I will be attempting to build a fully functional, cased Elgin size 6s Grade 206 pocket watch.
This all began a short while ago, when I watched a video about getting in to watchmaking as a hobbyist in which the watchmaker being interviewed suggested starting with a scrap pocket watch movement, which can be found on the cheap on eBay.
I found the ubiquity and low cost of American movements to be counter-intuitive, as I would think 100+ year old watches would be quite valuable. This led me down the rabbit hole of the history of pocket watches, and America's former status as the worldwide leader in production volume of watches.
Flipping through eBay listings for non-running movements I ended up buying an Elgin one for about $20 shipped. Here is a photo of the movement-side, and here is a link to more info on Pocket Watch Database.
An interesting thing about this particular piece is the lack of a seconds sub-dial. None of the examples I see online on Pocket Watch Database share that, which is a bit weird to me.
Phase 1: Irresponsibly Hacking Away
When the movement first arrived, I decided to just take a stab at taking it apart. I figured, hey, it's a scrap movement that didn't cost me too much money, what's the worst that can happen? Well, I have to say I'm glad I learned the lesson of why NOT to do that, I just wish I'd been maybe a little more careful. As some fine folks here let me know, with a pocket watch or very old vintage movements, unless you're sure what you're dealing with isn't rare or valuable, don't treat it like trash.
I went at the movement with the smallest screw drivers I had available and started to take it apart. Here are the mistakes I made:
Not releasing the power from the mainspring: parts flew all over the place and I lost the center wheel for a couple weeks until recently I was looking for a fallen screw and came across it on the floor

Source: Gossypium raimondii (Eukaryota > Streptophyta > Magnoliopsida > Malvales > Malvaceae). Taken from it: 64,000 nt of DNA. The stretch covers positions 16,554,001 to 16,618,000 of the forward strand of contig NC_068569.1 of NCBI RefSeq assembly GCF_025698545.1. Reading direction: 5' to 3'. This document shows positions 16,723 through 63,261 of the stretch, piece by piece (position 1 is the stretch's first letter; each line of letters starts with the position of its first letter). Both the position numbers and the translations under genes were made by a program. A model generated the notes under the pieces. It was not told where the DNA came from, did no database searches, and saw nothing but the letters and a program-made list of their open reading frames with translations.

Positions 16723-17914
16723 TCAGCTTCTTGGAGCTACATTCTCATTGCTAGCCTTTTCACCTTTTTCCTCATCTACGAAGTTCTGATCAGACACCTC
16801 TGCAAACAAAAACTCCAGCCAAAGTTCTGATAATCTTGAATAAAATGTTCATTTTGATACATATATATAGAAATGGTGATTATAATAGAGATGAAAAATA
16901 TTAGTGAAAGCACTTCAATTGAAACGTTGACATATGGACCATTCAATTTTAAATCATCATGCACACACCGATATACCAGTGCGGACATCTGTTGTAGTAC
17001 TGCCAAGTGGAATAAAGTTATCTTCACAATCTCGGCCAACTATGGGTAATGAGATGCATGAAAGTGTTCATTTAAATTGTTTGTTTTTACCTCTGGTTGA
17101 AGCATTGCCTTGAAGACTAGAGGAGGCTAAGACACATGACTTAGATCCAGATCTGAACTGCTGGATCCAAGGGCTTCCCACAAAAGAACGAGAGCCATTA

Not taking pictures - there are a couple missing parts from the setting mechanism, so I am a bit unsure about exactly what was originally going on since I didn't do step by step photos (it's also hard to photograph step by step when the whole thing blows up )
Unscrewing the banking pins not knowing what banking pins are
During re-assembly, after trying to set the banking pins so the watch might run, I gave the balance wheel a spin with a toothpick with what I KNEW was too much force, and broke off the impulse jewel - this also is a lesson I knew in theory but learned in practice all too clearly, not to force ANYTHING, and also not to treat any part as if it's scrap or garbage
So with all that in mind, and with some insight from the community here which got me reading about the different Elgin models and parts, I've decided to source another identical movement, and a 6s-sized case + movement. Hopefully between the 3 I'll have enough good parts to have a fine working watch.
I'd also love to hear anyones thoughts about "switching," I intend to attempt to use all parts from the same grade and model movement. The case I'd be using would probably not have originally contained this movement, as I see lots of 6s pieces w/ case and movement for sale but not with this particular movement.
Anyway, stay tuned for Phase 2, when I will make what will hopefully a more measured and informed attempt at the build.